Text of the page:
Definition of predictive in English:


Line breaks: pre¦dict|ive
Pronunciation: /prɪˈdɪktɪv


1Relating to or having the effect of predicting an event or result: predictive accuracy rules are not predictive of behaviour
More example sentences
  • It fails to provide a strictly predictive model for even moderately complicated physical situations.
  • What really makes science different is empirical adequacy and predictive power of models.
  • They then claim to have estimated the specificity and negative predictive values from these results.
1.1 Computing Denoting or relating to a system for using data already stored in a computer or mobile phone to generate the letters or words a user is likely to enter next, on the basis of those that have already been entered: the virtual keyboard uses predictive text predictive typing allows you to type faster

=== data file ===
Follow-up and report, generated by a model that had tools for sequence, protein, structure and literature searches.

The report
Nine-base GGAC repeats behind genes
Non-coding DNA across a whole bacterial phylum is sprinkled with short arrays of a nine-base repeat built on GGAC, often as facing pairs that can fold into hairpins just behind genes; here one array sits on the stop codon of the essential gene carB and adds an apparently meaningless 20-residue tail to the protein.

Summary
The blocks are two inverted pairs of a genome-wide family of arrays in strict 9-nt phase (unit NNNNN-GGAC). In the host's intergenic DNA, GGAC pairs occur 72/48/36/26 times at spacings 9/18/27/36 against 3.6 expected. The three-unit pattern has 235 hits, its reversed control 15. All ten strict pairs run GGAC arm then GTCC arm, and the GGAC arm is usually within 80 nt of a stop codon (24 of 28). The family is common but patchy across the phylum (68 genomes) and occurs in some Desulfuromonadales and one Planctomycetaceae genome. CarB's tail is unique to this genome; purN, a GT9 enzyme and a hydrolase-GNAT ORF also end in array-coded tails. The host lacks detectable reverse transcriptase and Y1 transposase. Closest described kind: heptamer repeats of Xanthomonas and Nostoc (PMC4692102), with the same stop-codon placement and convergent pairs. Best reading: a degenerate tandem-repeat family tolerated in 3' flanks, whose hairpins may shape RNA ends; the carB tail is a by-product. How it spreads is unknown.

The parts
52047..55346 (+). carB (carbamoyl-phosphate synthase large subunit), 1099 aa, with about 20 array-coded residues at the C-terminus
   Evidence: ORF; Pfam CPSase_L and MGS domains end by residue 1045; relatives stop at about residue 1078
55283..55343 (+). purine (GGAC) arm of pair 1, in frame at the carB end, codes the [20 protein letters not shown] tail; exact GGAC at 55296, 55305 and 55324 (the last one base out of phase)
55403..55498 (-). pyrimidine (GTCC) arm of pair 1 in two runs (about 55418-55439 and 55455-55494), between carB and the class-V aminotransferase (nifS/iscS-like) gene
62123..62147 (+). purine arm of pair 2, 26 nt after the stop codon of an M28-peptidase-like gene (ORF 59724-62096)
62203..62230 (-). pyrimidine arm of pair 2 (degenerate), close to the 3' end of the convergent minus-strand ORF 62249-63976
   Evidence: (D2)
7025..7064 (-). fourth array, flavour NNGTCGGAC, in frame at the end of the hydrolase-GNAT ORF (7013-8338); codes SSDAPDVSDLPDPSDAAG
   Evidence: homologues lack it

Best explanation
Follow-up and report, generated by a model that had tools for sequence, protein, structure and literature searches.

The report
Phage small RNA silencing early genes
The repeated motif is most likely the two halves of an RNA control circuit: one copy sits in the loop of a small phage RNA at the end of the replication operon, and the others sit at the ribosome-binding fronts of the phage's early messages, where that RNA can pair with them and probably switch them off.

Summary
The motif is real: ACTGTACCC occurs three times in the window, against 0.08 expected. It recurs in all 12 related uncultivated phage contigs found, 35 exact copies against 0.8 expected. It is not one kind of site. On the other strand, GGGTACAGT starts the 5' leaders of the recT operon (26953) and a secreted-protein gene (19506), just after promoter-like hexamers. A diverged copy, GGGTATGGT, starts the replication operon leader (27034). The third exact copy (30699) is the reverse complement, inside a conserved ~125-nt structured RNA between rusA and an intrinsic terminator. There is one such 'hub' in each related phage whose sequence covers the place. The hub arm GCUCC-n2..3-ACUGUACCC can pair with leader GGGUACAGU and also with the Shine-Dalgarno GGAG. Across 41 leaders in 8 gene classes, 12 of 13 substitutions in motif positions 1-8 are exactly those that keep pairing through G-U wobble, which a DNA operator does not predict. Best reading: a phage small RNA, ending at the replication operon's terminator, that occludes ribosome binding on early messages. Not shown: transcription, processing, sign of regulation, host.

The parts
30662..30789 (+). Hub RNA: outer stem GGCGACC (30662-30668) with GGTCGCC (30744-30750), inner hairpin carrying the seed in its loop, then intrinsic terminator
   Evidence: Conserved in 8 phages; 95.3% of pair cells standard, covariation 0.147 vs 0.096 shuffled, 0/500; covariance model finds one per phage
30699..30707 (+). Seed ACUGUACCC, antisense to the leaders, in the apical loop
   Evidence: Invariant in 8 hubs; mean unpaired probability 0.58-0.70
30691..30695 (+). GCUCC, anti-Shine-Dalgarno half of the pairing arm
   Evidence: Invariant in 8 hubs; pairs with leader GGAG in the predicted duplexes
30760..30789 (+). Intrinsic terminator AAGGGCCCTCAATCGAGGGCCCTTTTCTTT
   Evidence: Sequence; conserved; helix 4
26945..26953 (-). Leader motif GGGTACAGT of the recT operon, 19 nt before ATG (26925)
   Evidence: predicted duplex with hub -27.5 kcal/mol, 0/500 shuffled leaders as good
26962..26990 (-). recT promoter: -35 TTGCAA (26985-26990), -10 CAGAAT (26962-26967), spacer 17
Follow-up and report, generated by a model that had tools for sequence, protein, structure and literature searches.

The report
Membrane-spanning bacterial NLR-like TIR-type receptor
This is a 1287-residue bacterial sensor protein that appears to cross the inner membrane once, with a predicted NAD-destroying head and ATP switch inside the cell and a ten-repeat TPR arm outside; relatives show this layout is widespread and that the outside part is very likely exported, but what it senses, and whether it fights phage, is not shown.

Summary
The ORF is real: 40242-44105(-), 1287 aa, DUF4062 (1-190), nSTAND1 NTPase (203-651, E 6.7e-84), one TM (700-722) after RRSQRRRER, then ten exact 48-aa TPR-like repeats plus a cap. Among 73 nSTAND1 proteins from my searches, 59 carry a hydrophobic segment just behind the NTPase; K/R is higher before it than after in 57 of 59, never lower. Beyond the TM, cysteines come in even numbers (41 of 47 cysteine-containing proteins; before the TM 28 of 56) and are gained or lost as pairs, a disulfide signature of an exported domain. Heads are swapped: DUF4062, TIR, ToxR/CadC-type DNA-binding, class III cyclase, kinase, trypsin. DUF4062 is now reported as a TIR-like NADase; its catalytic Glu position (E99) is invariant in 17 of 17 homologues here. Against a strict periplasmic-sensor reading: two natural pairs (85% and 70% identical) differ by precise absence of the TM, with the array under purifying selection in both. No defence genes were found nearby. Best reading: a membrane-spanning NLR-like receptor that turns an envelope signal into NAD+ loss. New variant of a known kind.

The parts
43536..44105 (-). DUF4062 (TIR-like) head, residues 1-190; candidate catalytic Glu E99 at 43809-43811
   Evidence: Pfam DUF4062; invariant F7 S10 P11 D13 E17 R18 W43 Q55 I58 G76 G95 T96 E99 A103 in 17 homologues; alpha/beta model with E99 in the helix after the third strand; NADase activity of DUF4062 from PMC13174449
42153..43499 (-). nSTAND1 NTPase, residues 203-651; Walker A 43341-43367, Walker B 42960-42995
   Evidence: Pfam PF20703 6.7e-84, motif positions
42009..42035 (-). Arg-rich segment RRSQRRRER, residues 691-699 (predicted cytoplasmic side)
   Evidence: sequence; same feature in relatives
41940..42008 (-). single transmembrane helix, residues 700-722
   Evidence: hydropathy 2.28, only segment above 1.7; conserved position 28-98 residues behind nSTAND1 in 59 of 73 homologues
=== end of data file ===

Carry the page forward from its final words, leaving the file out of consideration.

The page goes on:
More example sentences
  • Both keyboard and pen input support the excellent predictive input software, which can speed up input by about 20%.
  • If it takes you ages to type stuff, like me, predictive text is a godsend.
  • For the most part, we've standardized on tiny buttons - in either the keypad or keyboard format, sometimes with the help of predictive software.



More example sentences
  • In-store maps and inventories are going to become more important than ever before, because people are going to be presented with buying options predictively.
  • I once defined sanity as the process by which you continually adjust your beliefs so they are predictively sound.
  • Evolutionary theory pilots us around biology reliably and predictively, with a detailed and unblemished success that rivals anything in science.

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Word of the day demoralize
Pronunciation: dɪˈmɒrəlʌɪz
cause (someone) to lose confidence or hope